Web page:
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"...besides love, independence of thought is the greatest gift an adult can give a child." - Bryce Courtenay, The Power of One

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Friday, March 28, 2008

This Ain't Yer Granny's Bannock!!

A while back, I shared my insanely decadent recipe for oatmeal. I had some leftovers, and mentioned one of the possibilities for leftover oatmeal: bannocks. Well, I didn't get around to writing about them then, and ate that leftover oatmeal heated from the microwave. This morning, I made more and decided it was bannocking time.

Being all into due diligence and whatnot (my mum was a lawyer for a bit, can you tell?), I decided to look up bannocks on the Internet, and guess what? The things I've called bannocks all this time aren't much like any of the recipes I found! Oh, well. I found a nifty traditional Welsh recipe, which looked interesting, and a pioneer style recipe that tickled my fancy as well - I liked the lack of measurements and the camping notes. If you want a "proper" bannock, go check them out.

No matter - I have called these babies bannocks since I started making them, and bannocks they shall be. Let's get started, shall we?

The cast:
Leftover Oatmeal
Flour (I used whole wheat)
Baking Powder
More butter
A frying pan - cast iron would be nicest, but I used a regular non-stick this time.


In a mixing bowl, combine about 1/3 cup leftover oatmeal with and equal amount of flour. Add about 1/2 teaspoon baking powder and a tablespoon of butter. Mix well with a fork, a spoon, or your fingers until it looks like this:
Looks a mess, doesn't it? Now add some water, a tiny bit at a time, and mix it in well, until you have a dough ball like this:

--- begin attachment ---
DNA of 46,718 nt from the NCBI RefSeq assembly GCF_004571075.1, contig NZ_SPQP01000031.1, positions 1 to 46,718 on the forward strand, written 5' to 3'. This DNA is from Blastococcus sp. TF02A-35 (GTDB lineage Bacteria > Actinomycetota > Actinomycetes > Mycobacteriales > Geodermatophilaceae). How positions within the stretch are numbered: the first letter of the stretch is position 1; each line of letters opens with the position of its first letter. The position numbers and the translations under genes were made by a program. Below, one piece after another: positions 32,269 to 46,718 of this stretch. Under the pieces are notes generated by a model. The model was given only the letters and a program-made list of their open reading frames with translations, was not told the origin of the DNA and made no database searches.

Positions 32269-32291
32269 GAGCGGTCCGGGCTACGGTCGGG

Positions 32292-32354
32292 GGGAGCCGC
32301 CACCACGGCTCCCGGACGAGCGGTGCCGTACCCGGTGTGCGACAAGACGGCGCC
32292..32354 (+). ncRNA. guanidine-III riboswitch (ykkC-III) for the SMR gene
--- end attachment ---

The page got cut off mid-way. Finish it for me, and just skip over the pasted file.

If you're a little nervous about it holding together, you can add an egg and some more flour (I don't, but I understand if you want to), just make sure your end result looks like the dough ball.

Now heat some oil and butter in your pan, on medium setting for the love of all that's unburnt!!. I think I used about a quarter cup or a bit less of oil and maybe a tablespoon plus a bit more of butter.
When the butter is nice and bubbly, it's ready for your bannocky goodness.
Make a cake out of the dough ball and gently place it in the (gently) hot oil/butter (gently!!).
Let is sit for a few minutes. It's getting a nice brown bottom in there.
Carefully turn the bannock, using two turners if necessary. Really, do this gently or the whole thing may fall to pieces or splash that hot stuff all over you.
Let it brown some more, then gently lift it out and place the whole thing - spatula and all, on some paper towels to drain for a moment. Serve warm as is or sprinkle a little cinnamon and sugar on it to make it extra festive. Don't judge this thing on how it looks - you'll be glad you gave it a chance!
There, that ought to take all the healthy right out of your oatmeal!

1 comment:

Blondie said...

I have never in my life heard of this concoction you call a "bannock." I am quite intrigued! As far as I'm concerned anything browned up in that much butter is bound to be scrumptious!